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Maternal Inflammation and Neurodevelopmental Programming: A Review of Preclinical Outcomes and Implications for Translational Psychiatry

  • Serena B. Gumusoglu
    Affiliations
    Interdisciplinary Graduate Program in Neuroscience, University of Iowa, Iowa City, Iowa
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  • Hanna E. Stevens
    Correspondence
    Address correspondence to Hanna E. Stevens, M.D., Ph.D., 169 Newton Road, 1330 PBDB, Iowa City, IA 52246.
    Affiliations
    Interdisciplinary Graduate Program in Neuroscience, University of Iowa, Iowa City, Iowa

    Department of Psychiatry, Carver College of Medicine, University of Iowa, Iowa City, Iowa

    Iowa Neuroscience Institute, University of Iowa, Iowa City, Iowa
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      Abstract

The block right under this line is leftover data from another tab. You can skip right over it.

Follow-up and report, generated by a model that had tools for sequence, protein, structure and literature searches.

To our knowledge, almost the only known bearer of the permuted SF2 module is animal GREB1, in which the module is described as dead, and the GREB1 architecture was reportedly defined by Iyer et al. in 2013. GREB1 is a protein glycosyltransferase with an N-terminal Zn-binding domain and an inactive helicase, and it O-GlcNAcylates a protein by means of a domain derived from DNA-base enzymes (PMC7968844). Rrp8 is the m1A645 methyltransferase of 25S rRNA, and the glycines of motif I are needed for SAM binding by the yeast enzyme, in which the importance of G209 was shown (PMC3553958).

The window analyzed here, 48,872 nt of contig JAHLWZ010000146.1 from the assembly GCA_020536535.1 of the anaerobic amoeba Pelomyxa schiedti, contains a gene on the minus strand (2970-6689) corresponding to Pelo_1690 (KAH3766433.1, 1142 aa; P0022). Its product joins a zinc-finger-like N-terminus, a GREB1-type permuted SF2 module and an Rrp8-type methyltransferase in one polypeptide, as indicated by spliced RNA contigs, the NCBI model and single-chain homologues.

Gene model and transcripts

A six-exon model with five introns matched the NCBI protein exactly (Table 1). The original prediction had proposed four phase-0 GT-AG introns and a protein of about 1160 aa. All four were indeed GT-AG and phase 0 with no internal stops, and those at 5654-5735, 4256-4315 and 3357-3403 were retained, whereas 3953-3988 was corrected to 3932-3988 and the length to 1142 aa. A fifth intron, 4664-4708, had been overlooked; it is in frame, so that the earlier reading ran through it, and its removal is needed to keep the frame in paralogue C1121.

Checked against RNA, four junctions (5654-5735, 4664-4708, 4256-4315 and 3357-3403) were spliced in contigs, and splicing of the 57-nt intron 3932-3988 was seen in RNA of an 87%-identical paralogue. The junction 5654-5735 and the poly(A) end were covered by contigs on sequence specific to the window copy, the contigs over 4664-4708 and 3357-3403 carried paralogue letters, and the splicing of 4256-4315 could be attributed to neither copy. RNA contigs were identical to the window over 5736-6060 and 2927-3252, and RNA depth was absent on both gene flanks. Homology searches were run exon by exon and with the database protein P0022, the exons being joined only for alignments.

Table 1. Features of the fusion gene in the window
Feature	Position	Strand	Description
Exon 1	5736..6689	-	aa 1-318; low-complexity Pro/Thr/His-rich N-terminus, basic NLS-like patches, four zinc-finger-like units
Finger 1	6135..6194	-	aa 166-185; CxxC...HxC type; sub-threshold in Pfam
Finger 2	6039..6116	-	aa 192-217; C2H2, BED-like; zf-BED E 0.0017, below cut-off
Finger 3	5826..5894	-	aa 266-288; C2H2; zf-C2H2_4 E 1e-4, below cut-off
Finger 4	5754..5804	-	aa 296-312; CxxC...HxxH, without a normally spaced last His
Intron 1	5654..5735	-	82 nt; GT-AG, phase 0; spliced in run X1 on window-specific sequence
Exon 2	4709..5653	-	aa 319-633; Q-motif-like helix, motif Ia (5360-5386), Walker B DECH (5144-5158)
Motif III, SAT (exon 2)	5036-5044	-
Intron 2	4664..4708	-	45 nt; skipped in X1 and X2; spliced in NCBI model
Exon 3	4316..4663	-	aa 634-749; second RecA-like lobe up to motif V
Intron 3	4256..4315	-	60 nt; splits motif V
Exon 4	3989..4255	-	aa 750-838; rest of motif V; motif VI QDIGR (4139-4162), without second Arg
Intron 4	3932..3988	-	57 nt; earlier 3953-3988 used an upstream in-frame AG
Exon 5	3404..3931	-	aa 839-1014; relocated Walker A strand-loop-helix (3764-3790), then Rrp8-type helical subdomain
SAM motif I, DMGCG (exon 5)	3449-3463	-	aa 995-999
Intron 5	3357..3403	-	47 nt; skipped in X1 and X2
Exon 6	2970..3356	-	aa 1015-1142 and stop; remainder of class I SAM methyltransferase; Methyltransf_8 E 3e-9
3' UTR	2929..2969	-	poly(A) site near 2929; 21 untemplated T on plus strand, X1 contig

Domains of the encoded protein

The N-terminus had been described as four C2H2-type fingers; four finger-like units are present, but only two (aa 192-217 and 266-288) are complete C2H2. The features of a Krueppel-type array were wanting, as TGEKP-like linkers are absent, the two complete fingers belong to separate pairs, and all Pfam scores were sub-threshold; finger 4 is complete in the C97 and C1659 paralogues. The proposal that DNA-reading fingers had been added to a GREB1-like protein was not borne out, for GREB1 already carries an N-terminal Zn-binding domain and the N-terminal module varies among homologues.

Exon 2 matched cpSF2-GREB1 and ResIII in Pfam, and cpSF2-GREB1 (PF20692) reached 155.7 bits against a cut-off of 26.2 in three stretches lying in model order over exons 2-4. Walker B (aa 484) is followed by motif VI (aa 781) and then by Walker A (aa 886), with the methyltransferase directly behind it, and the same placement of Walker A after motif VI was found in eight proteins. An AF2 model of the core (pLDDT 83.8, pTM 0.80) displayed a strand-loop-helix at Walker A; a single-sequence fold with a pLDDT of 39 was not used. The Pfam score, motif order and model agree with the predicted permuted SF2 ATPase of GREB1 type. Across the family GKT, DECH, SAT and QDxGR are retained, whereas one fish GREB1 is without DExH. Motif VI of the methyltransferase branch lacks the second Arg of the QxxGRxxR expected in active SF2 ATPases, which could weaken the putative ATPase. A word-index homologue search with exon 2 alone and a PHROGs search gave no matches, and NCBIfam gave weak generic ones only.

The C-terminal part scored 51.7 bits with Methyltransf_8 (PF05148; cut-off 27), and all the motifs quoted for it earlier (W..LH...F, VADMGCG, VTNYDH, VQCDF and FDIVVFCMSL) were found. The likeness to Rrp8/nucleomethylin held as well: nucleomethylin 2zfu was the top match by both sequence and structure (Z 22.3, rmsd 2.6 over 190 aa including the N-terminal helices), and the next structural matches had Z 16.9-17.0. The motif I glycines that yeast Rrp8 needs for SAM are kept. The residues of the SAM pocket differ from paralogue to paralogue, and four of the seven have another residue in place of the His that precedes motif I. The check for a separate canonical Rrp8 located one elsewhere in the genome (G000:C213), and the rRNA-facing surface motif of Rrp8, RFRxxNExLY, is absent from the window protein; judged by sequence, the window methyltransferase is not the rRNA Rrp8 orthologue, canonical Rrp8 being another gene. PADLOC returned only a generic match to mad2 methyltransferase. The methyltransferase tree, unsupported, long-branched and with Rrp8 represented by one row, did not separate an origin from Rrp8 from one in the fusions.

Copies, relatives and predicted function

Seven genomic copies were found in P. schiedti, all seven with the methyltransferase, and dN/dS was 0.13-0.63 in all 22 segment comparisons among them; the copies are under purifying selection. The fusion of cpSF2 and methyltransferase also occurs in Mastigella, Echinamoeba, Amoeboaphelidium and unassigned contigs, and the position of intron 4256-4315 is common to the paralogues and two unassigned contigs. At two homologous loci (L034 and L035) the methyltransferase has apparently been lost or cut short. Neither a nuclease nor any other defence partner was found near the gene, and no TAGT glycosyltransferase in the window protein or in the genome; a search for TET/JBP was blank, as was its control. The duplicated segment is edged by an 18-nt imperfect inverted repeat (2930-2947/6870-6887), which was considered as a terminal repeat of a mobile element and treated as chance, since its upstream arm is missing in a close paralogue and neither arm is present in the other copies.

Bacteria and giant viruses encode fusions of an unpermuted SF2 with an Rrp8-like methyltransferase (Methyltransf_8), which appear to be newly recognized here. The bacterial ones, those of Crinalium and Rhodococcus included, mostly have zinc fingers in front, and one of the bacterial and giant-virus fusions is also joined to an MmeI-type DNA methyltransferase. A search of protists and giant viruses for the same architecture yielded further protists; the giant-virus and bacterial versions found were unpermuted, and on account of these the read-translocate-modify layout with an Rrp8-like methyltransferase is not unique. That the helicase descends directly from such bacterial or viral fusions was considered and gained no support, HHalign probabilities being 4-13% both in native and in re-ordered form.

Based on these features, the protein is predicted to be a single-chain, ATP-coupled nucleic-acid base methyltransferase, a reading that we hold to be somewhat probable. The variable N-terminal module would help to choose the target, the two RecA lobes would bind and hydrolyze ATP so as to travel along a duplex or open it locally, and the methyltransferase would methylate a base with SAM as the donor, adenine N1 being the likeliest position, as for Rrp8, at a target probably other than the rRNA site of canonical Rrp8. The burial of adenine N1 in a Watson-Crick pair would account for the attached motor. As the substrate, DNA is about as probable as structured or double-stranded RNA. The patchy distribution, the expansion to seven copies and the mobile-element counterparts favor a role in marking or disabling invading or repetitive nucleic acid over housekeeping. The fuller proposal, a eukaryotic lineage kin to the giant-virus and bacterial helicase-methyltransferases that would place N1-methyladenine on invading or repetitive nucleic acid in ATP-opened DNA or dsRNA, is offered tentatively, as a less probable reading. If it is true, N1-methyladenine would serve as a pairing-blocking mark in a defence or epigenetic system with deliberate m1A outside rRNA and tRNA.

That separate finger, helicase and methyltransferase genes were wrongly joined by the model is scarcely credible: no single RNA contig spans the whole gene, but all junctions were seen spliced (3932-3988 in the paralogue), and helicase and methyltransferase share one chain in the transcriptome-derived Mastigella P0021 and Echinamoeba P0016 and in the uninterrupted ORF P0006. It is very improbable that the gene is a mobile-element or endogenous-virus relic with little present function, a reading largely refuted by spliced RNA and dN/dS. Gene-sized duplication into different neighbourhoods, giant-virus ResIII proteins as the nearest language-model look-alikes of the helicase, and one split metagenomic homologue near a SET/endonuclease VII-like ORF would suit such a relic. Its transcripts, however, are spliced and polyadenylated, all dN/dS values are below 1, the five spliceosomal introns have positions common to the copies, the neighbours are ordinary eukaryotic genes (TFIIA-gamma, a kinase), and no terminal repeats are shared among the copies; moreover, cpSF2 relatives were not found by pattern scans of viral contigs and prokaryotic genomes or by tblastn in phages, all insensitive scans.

Early disruptions to neurodevelopment are highly relevant to understanding both psychiatric risk and underlying pathophysiology that can be targeted by new treatments. Much convergent evidence from the human literature associates inflammation during pregnancy with later neuropsychiatric disorders in offspring. Preclinical models of prenatal inflammation have been developed to examine the causal maternal physiological and offspring neural mechanisms underlying these findings. Here we review the strengths and limitations of preclinical models used for these purposes and describe selected studies that have shown maternal immune impacts on the brain and behavior of offspring. Maternal immune activation in mice, rats, nonhuman primates, and other mammalian model species have demonstrated convergent outcomes across methodologies. These outcomes include shifts and/or disruptions in the normal developmental trajectory of molecular and cellular processes in the offspring brain. Prenatal developmental origins are critical to a mechanistic understanding of maternal immune activation–induced alterations to microglia and immune molecules, brain growth and development, synaptic morphology and physiology, and anxiety- and depression-like, sensorimotor, and social behaviors. These phenotypes are relevant to brain functioning across domains and to anxiety and mood disorders, schizophrenia, and autism spectrum disorder, in which they have been identified. By turning a neurodevelopmental lens on this body of work, we emphasize the importance of acute changes to the prenatal offspring brain in fostering a better understanding of potential mechanisms for intervention. Collectively, overlapping results across maternal immune activation studies also highlight the need to examine preclinical offspring neurodevelopment alterations in terms of a multifactorial immune milieu, or immunome, to determine potential mechanisms of psychiatric risk.

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